Android NDK Adventures

This is meant to serve as a reference and quick tutorial for future NDK projects. Going through this hassle once was more than enough.

Dependencies: Compiling C/C++ Libraries from Source

Makefile Projects

http://kvurd.com/blog/compiling-a-cpp-library-for-android-with-android-studio/

build.sh

#!/bin/sh

# Points to a standalone Android toolchain
# See https://developer.android.com/ndk/guides/standalone_toolchain.html
# and http://www.myandroidonline.com/2015/06/09/compile-assimp-open-source-library-for-android/
export ANDROID_NDK_TOOLCHAIN=$HOME/android/toolchain-armeabi

# Do not touch these
export PATH=$ANDROID_NDK_TOOLCHAIN/bin:$PATH
export CC="arm-linux-androideabi-gcc"
export CXX="arm-linux-androideabi-g++"

# Add additional args here as appropriate
../configure --prefix=$(pwd) --host arm-linux-androideabi

make
make install

The build.sh script is meant to be placed inside a directory such as build/ inside the project's source tree, to avoid polluting the project's root directory.

CMake Projects

http://www.myandroidonline.com/2015/06/09/compile-assimp-open-source-library-for-android/

build.sh

#!/bin/sh

# Points to a standalone Android toolchain
# See https://developer.android.com/ndk/guides/standalone_toolchain.html
# and http://www.myandroidonline.com/2015/06/09/compile-assimp-open-source-library-for-android/
export ANDROID_NDK_TOOLCHAIN=$HOME/android/toolchain-armeabi

# Points to the Android SDK
ANDROID_SDK=$HOME/android/sdk

# This file must be downloaded from the android-cmake project on github:
# https://github.com/taka-no-me/android-cmake](https://github.com/taka-no-me/android-cmake
export ANDTOOLCHAIN=$HOME/android/android-cmake/android.toolchain.cmake

# Do not touch these
export PATH=$PATH:$ANDROID_SDK/tools
export PATH=$PATH:$ANDROID_SDK/platform-tools
export PATH=$PATH:$ANDROID_SDK/android-toolchain/bin

# Add additional args here as appropriate
cmake -DCMAKE_TOOLCHAIN_FILE=$ANDTOOLCHAIN \
      -DANDROID_NDK=$ANDROID_NDK \
      -DCMAKE_BUILD_TYPE=Release \
      -DANDROID_ABI="armeabi-v7a" \
      -DANDROID_NATIVE_API_LEVEL=android-21 \
      -DANDROID_FORCE_ARM_BUILD=TRUE \
      -DCMAKE_INSTALL_PREFIX=install \
      ..

# This is to remove the versioned shared libs in assimp.
# Might be useful for other CMake-based projects, otherwise remove this line.
sed -i s/-soname,libassimp.so.3/-soname,libassimp.so/g code/CMakeFiles/assimp.dir/link.txt

make
make install

Shared Library Patching

http://computervisionandjava.blogspot.com.es/2015/05/trouble-with-versioned-shared-libraries.html http://stackoverflow.com/questions/11491065/linking-with-versioned-shared-library-in-android-ndk

Most C/C++ projects / build scripts generate versioned shared libraries. For example, many scripts will generate a libfoo.so.x.y, a libfoo.so.x, and a libfoo.so, the former being the actual library and the latter being soft links. Android does not support versioned libs and expects a simple libfoo.so file, however, so if a simple libfoo.so can't be generated, the versioned shared library libfoo.so.x.y.z must be patched.

To "unversion" a shared library libfoo.so.x.y.z:

  1. Run objdump -p libfoo.so.x.y.z | grep so.
  2. Run rpl -R -e libxxx.so.y libxxx_y.so libfoo.so.x.y.z to rename libxxx.so.y to libxxx_y.so in the exports table. Also rename the soname following the same rule.
  3. Rename the shared library to match its soname and rename its dependencies to match the new names.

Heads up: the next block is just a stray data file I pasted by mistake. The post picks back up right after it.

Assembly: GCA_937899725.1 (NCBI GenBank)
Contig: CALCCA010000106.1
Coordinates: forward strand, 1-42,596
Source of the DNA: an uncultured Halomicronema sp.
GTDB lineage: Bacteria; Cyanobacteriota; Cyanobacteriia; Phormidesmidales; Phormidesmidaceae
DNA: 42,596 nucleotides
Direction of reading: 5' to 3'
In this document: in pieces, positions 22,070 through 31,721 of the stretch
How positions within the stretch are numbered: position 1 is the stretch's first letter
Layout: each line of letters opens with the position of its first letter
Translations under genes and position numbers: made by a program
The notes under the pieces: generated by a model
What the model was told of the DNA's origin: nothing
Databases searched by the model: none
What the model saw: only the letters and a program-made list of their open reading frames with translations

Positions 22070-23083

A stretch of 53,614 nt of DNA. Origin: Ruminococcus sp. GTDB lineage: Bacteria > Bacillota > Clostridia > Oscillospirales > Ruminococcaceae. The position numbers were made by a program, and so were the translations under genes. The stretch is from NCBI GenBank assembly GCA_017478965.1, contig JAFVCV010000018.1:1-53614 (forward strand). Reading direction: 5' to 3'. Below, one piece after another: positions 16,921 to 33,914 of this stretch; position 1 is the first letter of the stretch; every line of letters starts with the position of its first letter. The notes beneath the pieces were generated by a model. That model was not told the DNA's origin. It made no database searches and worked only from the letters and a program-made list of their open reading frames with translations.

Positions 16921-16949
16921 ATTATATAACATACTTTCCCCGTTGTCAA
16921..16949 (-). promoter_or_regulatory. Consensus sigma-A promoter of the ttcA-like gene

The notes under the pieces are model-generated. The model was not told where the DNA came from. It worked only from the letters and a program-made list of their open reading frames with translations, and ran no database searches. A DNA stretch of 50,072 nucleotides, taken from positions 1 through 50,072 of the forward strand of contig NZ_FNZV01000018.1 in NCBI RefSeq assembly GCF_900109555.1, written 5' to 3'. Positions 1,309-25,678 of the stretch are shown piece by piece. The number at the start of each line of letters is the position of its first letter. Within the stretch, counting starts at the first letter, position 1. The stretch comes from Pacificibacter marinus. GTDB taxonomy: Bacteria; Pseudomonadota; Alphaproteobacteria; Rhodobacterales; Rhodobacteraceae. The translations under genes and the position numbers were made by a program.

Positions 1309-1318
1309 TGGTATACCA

This works because libfoo.so.x and libfoo_x.so have the same length. If we patch a name with a differently sized string, the resulting shared library becomes corrupted.

Example:

Running objdump on a library libfoo:

libfoo.so.x.y.z:     file format elf32-little
NEEDED               libbar.so.3
NEEDED               libbaz.so.15
SONAME               libfoo.so.x

Patching the dependency table and soname:

libfoo.so.x.y.z:     file format elf32-little
NEEDED               libbar_3.so
NEEDED               libbaz_15.so
SONAME               libfoo_x.so

And then renaming all files:

libfoo.so.x.y.z -> libfoo_x.so
libbar.so.3     -> libbar_3.so
libbaz.so.15    -> libbaz_15.so

Building the Main C++ Project

Android Studio's support for the NDK is essentially unusable at the time of writing, which is remarkable, to say the least.

Create a directory jni and the place source files there, together with Android.mk and Application.mk:

Project/
    app/
    build/
    gradle/
    ...
    jni/
        Android.mk
        Application.mk
        main.cc

Here we assume the typical project layout that is created when starting a new project using Android Studio.

To build:

  1. Run ndk-build inside jni. This will generate the main shared library and copy the library and its dependencies to Project/libs.
  2. Copy libs/* to app/src/main/jniLibs.

The libraries in jniLibs are automatically packed with the APK when the Java project is built.

Calling the C++ Library from Java

Java Side

public class Native {

    // Libraries must be loaded from least dependent to most dependent.
    // If X depends on Y and Y is not already loaded upon loading X,
    // a linker error will occur.
    //
    // If library file is libfoo.so, pass "foo" to System.loadLibrary().
    static {
        System.loadLibrary("C"); // libC.so
        System.loadLibrary("B"); // libB.so
        System.loadLibrary("A"); // libA.so
    }

    public static native String func1();
    public static native void func2();
}

C++ Side

Functions must follow a specific naming convention. If we had a function

void foo(int x)

and we wanted to call it from class Native inside package com.example.hello, then the function signature would have to be:

JNIEXPORT void JNICALL Java_com_example_hello_Native_foo(JNIEnv*, jclass, jint x)

See the JNI documentation for details.